Noem, Walz urge EPA to reject RFS waiver request

By Erin Voegele | May 08, 2020

Leaders of the Governors’ Biofuels Coalition sent a letter to U.S. EPA Administrator Andrew Wheeler on May 8 urging the agency to reject a recent request from five oil state governors to waive 2020 Renewable Fuels Standard blending obligations.

“The economic fallout from the coronavirus pandemic has hit every sector of our nation’s economy, not just refineries and oil producers. Before the outbreak, farm income was down over 30 percent compared to 2013 in part because of small refinery waivers which removed 4 billion gallons of biofuels from the market,” said South Dakota Gov. Kristi Noem and Minnesota Gov. Tim Walz, in the letter. “The economic pain was exacerbated by the pandemic which sent commodity markets into a tailspin. Not only have the circumstances had a devastating impact on agricultural producers, it has destroyed the market for biofuel producers, resulting in the idling of approximately 70 ethanol facilities or 46 percent of the industry’s total production capacity. These shutdowns have an enormous impact on the rural communities in which these plants are located.”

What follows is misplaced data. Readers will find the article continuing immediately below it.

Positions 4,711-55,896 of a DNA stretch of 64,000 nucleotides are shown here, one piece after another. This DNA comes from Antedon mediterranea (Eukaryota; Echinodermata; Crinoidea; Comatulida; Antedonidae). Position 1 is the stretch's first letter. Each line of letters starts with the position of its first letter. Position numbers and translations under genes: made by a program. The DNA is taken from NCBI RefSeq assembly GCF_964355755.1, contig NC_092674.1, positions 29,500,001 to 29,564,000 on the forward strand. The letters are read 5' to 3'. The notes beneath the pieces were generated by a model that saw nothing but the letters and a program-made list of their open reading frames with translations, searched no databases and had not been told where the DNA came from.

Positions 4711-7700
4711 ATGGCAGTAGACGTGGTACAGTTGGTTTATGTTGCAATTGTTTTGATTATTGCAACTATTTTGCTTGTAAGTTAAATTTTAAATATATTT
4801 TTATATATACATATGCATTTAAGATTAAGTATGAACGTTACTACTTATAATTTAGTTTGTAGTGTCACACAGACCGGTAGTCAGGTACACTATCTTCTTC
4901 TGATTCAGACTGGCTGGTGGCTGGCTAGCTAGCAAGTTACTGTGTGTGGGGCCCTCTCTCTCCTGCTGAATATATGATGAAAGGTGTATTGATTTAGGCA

Noem and Walz stress that the financial pressure oil refiners are experiencing is the result of COVID-19-related stay-at-home orders and the oil price war between Russia and Saudi Arabia. The RFS is not the cause. “The biofuels industry has not only had to deal with these same market forces, but the industry has also had to cope with EPA’s failure to comply with the Americans for Clean Energy V. EPA ruling, which concluded that EPA illegally waived hundreds of millions of gallons of ethanol due to its regulatory misinterpretation. Granting the requested waiver would only worsen the economic harm that biofuel producers, supporting technology providers, and agricultural producers are experiencing and would do nothing to improve the financial health of the refiners.”

The governors note that waiver petitions must demonstrated that the RFS is the direct cause of severe economic harm. The waiver requests also ignores that the RFS obligations are set as a percentage of the total volume of fossil fuel refiners sell or import into the U.S., they said. This means that lower petroleum demand directly and proportionately reduces the amount of renewable fuel they blend, which Noem and Walz say further weakens claims of hardship.

“Undermining the RFS at a time when rural America is struggling economically, farmers are fighting to stay in business, and the biofuels industry has been impacted by furloughs and plant closures is unconscionable,” Noem and Walz wrote. “We respectfully urge you to reject this request and work with coalition governors to preserve rural jobs and protect our state economies.”

A full copy of the letter can be downloaded from the Governors’ Biofuels Coalition website.